Following allegations of emotional, physical, and sexual abuse against Marilyn Manson, HBO’s Phoenix Rising documentary explores Evan Rachel Wood’s fight for domestic violence justice.
As part of Hollywood’s #MeToo movement, the actions of many of the industry’s most prominent figures were called into question. While allegations from sexual misconduct to emotional abuse were made against powerful men, the women behind them struggled to have their claims believed, and their abusers brought to justice.
Going behind some of the most shocking headlines, HBO’s two part documentary, Phoenix Rising, sees actor and activist Evan Rachel Wood as she takes her alleged experience as a survivor of emotional, physical, and sexual abuse by her long-time partner, rock star Marilyn Manson.
Exploring the often-misunderstood aspects of domestic abuse, the film sheds light not only on Wood’s own experiences, but the many factors that prevent survivors from coming forward with their stories as they deal with years of aftershocks and emotional trauma.
“This is the first time I haven’t been doubted, or questioned, or shamed,” Wood shares tearfully in the documentary’s trailer. “It’s the first time that someone was really listening.”
The two minute preview sees Wood’s family describe how Manson, aka Brian Warner, “studied how to manipulate people and ruined her.”
“He’s a predator,” Wood’s mother, Sara, tells the camera, before her brother adds: “Everyone was looking at Marilyn Manson, and they weren’t watching Brian Warner.”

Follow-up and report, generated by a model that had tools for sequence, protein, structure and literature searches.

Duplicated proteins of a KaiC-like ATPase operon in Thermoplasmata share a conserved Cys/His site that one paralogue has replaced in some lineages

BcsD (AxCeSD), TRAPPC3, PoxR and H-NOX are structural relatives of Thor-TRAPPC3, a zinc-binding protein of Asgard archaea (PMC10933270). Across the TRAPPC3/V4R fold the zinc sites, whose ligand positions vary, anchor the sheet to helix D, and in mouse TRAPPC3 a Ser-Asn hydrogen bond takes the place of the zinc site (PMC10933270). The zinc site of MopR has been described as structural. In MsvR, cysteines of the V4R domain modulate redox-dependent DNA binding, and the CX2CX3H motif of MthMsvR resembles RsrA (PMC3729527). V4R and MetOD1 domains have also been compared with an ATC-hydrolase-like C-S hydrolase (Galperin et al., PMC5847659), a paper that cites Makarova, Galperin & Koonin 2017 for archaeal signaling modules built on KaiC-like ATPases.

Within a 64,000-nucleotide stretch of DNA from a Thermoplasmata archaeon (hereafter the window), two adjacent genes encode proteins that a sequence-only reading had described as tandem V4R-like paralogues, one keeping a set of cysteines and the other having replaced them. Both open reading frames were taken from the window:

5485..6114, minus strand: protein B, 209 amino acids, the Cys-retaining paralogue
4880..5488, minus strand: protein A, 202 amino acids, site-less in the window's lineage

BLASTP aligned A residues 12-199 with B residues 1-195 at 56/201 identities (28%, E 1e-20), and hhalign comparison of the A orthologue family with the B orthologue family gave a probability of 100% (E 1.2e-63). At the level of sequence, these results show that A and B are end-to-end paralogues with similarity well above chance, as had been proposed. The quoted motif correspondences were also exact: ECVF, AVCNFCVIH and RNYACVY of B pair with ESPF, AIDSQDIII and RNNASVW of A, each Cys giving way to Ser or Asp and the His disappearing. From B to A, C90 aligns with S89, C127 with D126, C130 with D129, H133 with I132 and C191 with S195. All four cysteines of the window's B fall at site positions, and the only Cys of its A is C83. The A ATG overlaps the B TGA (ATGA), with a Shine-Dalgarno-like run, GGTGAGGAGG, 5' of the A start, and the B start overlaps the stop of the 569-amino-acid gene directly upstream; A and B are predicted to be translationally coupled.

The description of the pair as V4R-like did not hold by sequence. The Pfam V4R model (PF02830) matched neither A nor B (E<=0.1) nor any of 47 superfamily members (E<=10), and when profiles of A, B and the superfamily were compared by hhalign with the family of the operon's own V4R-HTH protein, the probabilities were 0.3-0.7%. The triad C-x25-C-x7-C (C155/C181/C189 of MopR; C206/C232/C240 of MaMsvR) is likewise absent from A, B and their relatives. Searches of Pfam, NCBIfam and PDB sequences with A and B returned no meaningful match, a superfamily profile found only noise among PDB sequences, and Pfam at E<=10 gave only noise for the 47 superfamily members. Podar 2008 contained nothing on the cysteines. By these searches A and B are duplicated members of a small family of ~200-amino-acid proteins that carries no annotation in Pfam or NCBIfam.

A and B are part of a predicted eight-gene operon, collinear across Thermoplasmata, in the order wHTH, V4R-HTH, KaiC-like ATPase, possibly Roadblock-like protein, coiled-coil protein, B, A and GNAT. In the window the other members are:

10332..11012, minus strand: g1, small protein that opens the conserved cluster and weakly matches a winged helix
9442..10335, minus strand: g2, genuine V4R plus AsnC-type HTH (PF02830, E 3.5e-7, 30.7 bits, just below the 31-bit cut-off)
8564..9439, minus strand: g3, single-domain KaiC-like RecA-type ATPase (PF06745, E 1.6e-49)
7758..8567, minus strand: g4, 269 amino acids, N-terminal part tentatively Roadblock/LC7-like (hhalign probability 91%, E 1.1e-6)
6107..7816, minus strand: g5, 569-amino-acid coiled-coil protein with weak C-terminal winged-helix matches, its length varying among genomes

Elsewhere in the trailer, Wood shares photos of her bruised body and describes meeting other alleged victims of Manson’s abuse.
“Numerous women heard my story and they knew exactly who it was,” she shares. “I realised then that I wasn’t the only one this had happened to.”
The film, which premiered at Sundance Festival, is already being hailed for opening up the conversation about coercive control and domestic violence.
“From a fellow survivor, THANK YOU. Such a huge wave of relief when I witness others who have survived abuse get heard and believed. It’s healing for all of us. May this show be another step towards justice,” read just one of the hundreds of comments beneath the documentary’s trailer.
While Wood named Warner (aka Manson) as her abuser in February 2021, he denies abusing Wood or any other person—and to date, no charges have been filed.
But despite a lack of personal justice, almost a decade after escaping what Wood called a ‘dangerous relationship,’ she co-authored and successfully lobbied for passage of The Phoenix Act, legislation that extends the statute of limitations for domestic violence cases in California.
Describing how she “ran out of time” to officially report her abuse, Wood’s activism ensured that victims of abuse would have more time to come forward. In the UK, the law is also changing to allow domestic abuse victims longer to report a crime.
Part 1, Phoenix Rising: Don’t Fall will premiere on 15 March, with Part 2, Phoenix Rising: Stand Up premiering 16 March. Both installments will be available for streaming on HBO Max beginning 15 March.